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A Dictionary of Buddhism Hardcover – July 10, 2003

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Editorial Reviews

From Publishers Weekly

Although Keown regretfully concedes that the vast subject of Buddhism cannot be "compressed into the pages of a volume such as this," and that his illustrated dictionary is "far from exhaustive," it may well be the most judicious encyclopedia of Buddhism ever to be crammed into a single volume. The entries cover Buddhist terms (20% of the text), biography (18%), scriptures (12%), important places (8%) and schools (7%), with the remaining portions given to brief discussions of ethical issues and other matters. The entries are short--"dharma," for example, merits only a single paragraph, and "Mahayana" gets just two--but such accessibility is the very reason why this should be on the bookshelf of every student of Buddhism.
Copyright 2003 Reed Business Information, Inc.

From Booklist

The Buddhist tradition is a venerable one, widely practiced and studied. Yet, until recently, substantial reference works have lagged behind the interest in the subject. Most available in English are single-volume works that address terms, concepts, or deities. Oxford's new dictionary, although also a single volume, treats doctrines, practices, biography, scriptures, schools and sects, art, architecture, and more.

More than 2,000 entries are alphabetically arranged from abhabba- tthana, the five things of which an arhat, or enlightened one, is said to be incapable, to Zimme Pannasa, the Burmese term for a collection of birth stories of the Buddha. Most entries are transliterations from Sanskrit, Chinese, Japanese, Pali, and so on, giving the work a very academic flavor and seeming to require some prior knowledge of the subject. In fairness, the author does state in his preface that this work is more of a companion to the growing literature on Buddhism rather than an introduction to it. The treatment of particular countries (e.g., China, India) as well as those for collections of sacred texts can serve as introductory essays of a sort. There are entries for terms in English (e.g., Diet, Reincarnation), including some on contemporary issues, such as Cloning and Stem cell research.

Despite the work's academic bent, entries provide no supplemental bibliographies. This is an especially disappointing omission in the appendix, which outlines the divisions of the three main collections of canonical scriptures (i.e., Pali Canon, Chinese Canon, and Tibetan Canon), as finding translations of particular sacred texts can be difficult.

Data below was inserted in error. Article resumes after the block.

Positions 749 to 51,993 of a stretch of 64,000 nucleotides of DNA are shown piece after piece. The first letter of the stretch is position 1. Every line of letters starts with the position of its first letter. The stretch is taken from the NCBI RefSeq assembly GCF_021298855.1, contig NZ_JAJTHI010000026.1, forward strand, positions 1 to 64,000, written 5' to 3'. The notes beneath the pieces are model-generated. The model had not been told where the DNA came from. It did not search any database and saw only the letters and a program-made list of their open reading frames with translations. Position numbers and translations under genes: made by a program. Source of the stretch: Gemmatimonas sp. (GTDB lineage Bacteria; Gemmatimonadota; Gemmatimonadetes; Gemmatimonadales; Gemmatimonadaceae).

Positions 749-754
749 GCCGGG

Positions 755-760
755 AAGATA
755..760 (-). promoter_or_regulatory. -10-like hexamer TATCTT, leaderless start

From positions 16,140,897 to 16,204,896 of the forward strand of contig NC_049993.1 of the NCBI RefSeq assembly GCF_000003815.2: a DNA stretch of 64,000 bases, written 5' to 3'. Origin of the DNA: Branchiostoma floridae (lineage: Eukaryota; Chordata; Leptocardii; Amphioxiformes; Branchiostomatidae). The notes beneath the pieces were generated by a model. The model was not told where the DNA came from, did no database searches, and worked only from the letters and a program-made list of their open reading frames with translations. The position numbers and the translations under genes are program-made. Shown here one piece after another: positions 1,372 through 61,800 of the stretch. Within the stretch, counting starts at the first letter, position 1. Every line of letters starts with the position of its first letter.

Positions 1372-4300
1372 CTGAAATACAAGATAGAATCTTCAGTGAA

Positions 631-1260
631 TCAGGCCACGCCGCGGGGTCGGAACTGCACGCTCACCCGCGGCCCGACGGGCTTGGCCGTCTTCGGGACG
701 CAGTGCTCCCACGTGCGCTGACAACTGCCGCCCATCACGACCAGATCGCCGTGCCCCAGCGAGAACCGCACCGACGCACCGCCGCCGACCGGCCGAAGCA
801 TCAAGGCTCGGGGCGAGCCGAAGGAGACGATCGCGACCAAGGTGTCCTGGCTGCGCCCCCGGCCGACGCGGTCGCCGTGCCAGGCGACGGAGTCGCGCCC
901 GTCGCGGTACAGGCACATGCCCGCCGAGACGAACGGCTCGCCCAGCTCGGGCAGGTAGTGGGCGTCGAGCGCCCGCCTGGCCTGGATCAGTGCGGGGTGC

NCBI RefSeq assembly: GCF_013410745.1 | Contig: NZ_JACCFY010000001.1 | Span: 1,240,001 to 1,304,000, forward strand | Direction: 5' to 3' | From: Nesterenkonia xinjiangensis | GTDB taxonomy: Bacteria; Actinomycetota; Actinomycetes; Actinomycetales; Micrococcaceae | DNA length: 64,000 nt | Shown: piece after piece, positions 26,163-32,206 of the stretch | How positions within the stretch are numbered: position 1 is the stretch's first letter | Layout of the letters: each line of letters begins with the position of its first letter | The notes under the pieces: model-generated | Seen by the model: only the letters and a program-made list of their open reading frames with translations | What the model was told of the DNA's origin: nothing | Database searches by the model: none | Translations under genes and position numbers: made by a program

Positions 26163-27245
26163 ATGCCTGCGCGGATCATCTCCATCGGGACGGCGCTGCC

The Concise Encyclopedia of Buddhism (Oneworld, 2000) also lacks a true index and supplemental bibliographies for entries but has some features the Oxford title doesn't, namely, a nice introductory essay on Buddhist history, doctrines, and literature as well as a thematic bibliography. Its coverage, however, is not as comprehensive, with just over 900 entries. Although Oxford's Dictionary of Buddhism may not be all it could be, it does provide authoritative and convenient treatment of a wide range of subjects. Academic and public libraries would do well to acquire it. RBB
Copyright © American Library Association. All rights reserved

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Product Details

  • Hardcover: 368 pages
  • Publisher: Oxford University Press (July 10, 2003)
  • Language: English
  • ISBN-10: 0198605609
  • ISBN-13: 978-0198605607
  • Product Dimensions: 9.5 x 1.3 x 6.3 inches
  • Shipping Weight: 1.5 pounds
  • Average Customer Review: 4.1 out of 5 stars  See all reviews (12 customer reviews)
  • Amazon Best Sellers Rank: #507,058 in Books (See Top 100 in Books)

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More About the Author

Damien Keown is Emeritus Professor of Buddhist Ethics at Goldsmiths College, University of London. His research interests centre on the study of contemporary moral problems from a Buddhist perspective. He is co-founder of The Journal of Buddhist Ethics and the author of the best-selling 'Buddhism: A Very Short Introduction' and 'Buddhist Ethics: A Very Short Introduction', both from Oxford University Press and also available on Amazon.

Customer Reviews

Most Helpful Customer Reviews

37 of 37 people found the following review helpful By Kim Boykin on March 12, 2004
Format: Hardcover
For many years, "The Shambhala Dictionary of Buddhism and Zen" has been the best Buddhist dictionary in English. It now has a worthy competitor in Damien Keown's "Dictionary of Buddhism."

Keown's dictionary includes over 2,000 entries, as compared with the Shambhala dictionary's 1,500+, and is more up-to-date. Keown includes long and helpful entries on the history of Buddhism in particular places (e.g., Sri Lanka, Japan, Britain) and entries for issues like abortion, cloning, diet, and reincarnation. And Keown has more extensive coverage than Shambhala of Western Buddhism (including entries on, e.g., Alan Watts, Christmas Humphreys, the Buddhist Churches of America, and Naropa University).